Finally, objectivity is a skill, like language fluency, and you can build it if you work at it. Some people build more of it, others less. More is better.

If an objective measurement is one made by a robot—that is, a machine that is not prone to the kind of measurement error that comes from having opinions and memories—then no human being can ever be completely objective. We can’t rid ourselves of our experiences, and I don’t know anyone who thinks it would be a good idea even to try.

We can, however, become aware of our experiences, our opinions, our values. We can hold our field observations up to a cold light and ask whether we’ve seen what we wanted to see, or what is really out there. The goal is not for us, as humans, to become objective machines; it is for us to achieve objective—that is, accurate—knowledge by transcending our biases. No fair pointing out that this is impossible. It is impossible to do completely, but it’s not impossible to do at all. Priests, social workers, clinical psychologists, and counselors suspend their own biases all the time, more or less, in order to listen hard and give sensible advice to their clients.

Colin Turnbull held objective knowledge as something to be pulled from the thicket of subjective experience. Fieldwork, said Turnbull, involves a self-conscious review of one’s own ideas and values—one’s self, for want of any more descriptive term. During fieldwork you ‘‘reach inside,’’ he observed, and give up the ‘‘old, narrow, limited self, discovering the new self that is right and proper in the new context.’’ We use the field experience, he said, ‘‘to know ourselves more deeply by conscious subjectivity.’’ In this way, he concluded, ‘‘the ultimate goal of objectivity is much more likely to be reached and our understanding of other cultures that much more profound’’ (Turnbull 1986:27). When he was studying the Ik of Uganda, he saw parents goad small children into touching fire and then laughing at the result. It took everything he had, he once told me, to transcend his biases, but he managed (see Turnbull 1972).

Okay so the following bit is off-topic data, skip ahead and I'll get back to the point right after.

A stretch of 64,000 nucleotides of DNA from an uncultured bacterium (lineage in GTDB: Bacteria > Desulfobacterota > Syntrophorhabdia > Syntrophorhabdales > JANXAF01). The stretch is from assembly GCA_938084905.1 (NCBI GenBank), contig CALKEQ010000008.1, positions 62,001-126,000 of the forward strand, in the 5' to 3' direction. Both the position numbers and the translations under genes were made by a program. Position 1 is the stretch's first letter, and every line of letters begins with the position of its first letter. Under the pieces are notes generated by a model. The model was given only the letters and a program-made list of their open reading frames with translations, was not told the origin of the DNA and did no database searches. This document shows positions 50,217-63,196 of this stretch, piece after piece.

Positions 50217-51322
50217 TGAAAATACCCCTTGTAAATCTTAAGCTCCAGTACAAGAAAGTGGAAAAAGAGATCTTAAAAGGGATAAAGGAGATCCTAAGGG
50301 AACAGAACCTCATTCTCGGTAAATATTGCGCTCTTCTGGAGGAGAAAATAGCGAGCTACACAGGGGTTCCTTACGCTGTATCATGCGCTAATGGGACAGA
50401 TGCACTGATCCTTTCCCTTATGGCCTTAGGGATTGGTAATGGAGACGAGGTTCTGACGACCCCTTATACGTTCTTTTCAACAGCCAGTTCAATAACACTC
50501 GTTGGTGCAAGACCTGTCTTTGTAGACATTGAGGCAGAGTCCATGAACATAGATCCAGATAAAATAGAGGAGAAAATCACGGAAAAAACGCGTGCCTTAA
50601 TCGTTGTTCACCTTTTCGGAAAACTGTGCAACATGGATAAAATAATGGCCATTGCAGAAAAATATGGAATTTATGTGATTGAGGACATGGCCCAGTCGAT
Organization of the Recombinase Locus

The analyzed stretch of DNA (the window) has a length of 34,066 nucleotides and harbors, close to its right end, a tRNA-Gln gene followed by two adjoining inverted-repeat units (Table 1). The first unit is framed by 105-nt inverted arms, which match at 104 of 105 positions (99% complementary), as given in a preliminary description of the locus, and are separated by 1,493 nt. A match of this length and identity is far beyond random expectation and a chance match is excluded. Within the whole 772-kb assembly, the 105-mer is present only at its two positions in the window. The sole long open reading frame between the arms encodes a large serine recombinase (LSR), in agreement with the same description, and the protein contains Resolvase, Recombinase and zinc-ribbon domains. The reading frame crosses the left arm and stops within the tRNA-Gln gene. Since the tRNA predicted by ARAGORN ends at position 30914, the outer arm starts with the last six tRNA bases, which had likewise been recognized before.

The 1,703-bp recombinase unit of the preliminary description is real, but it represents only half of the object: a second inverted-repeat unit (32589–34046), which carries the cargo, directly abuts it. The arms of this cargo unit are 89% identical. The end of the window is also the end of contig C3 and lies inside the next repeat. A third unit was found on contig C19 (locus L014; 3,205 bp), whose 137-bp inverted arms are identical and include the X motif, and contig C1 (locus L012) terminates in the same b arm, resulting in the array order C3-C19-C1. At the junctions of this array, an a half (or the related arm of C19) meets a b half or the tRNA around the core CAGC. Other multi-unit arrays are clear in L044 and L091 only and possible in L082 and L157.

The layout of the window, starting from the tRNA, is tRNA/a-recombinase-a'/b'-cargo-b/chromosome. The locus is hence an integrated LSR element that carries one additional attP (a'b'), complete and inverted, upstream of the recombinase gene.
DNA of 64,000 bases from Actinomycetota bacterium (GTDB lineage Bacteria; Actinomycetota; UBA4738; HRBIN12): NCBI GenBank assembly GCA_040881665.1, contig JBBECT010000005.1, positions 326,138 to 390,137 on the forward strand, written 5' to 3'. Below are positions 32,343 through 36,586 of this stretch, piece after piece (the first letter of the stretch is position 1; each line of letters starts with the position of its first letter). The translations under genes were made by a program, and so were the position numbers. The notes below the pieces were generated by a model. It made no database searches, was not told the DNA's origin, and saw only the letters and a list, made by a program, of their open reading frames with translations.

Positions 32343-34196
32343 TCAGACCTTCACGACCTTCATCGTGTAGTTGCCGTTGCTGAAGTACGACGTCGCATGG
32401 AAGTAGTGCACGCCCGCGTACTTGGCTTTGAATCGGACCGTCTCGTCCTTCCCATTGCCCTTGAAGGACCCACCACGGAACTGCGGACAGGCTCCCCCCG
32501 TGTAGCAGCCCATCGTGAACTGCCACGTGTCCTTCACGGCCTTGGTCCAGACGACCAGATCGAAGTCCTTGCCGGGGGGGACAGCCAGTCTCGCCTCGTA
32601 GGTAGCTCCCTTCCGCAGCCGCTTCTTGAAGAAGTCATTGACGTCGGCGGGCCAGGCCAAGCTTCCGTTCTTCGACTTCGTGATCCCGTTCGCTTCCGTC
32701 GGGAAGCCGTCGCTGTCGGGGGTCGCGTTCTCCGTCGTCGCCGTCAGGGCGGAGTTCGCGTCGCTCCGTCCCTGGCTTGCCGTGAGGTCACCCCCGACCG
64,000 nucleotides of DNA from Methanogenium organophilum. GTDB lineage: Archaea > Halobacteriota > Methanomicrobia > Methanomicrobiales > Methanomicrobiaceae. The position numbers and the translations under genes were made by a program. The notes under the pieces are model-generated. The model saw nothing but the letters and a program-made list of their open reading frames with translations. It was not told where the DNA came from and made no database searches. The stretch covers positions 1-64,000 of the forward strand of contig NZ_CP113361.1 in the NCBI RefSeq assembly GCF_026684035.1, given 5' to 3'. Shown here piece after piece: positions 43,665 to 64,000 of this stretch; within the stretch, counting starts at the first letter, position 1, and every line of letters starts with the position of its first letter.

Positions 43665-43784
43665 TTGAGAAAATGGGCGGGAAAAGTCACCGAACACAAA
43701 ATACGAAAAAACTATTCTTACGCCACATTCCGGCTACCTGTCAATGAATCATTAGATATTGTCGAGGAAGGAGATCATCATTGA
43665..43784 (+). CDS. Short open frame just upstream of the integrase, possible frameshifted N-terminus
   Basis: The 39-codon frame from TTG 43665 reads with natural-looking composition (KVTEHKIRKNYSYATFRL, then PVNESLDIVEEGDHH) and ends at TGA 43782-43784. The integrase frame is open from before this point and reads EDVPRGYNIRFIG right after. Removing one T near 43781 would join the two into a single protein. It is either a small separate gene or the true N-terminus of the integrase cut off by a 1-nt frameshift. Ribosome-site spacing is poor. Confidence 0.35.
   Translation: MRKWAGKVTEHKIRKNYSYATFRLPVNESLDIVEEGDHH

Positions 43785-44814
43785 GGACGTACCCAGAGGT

Many phenomenologists see objective knowledge as the goal of participant observation. Danny Jorgensen, for example, advocates complete immersion and becoming the phenomenon you study. ‘‘Becoming the phenomenon,” Jorgensen says, ‘‘is a participant observational strategy for penetrating to and gaining experience of a form of human life. It is an objective approach insofar as it results in the accurate, detailed description of the insiders’ experience of life’’ (Jorgensen 1989:63). In fact, many ethnographers have become cab drivers, exotic dancers, jazz musicians, or members of satanic cults, to do participant observation fieldwork.

If you use this strategy of full immersion, Jorgensen says, you must be able to switch back and forth between the insiders’ view and that of an analyst. To do that—to maintain your objective, analytic abilities—Jorgensen suggests finding a colleague with whom you can talk things over regularly. That is, give yourself an outlet for discussing the theoretical, methodological, and emotional issues that inevitably come up in full participation field research. It’s good advice.

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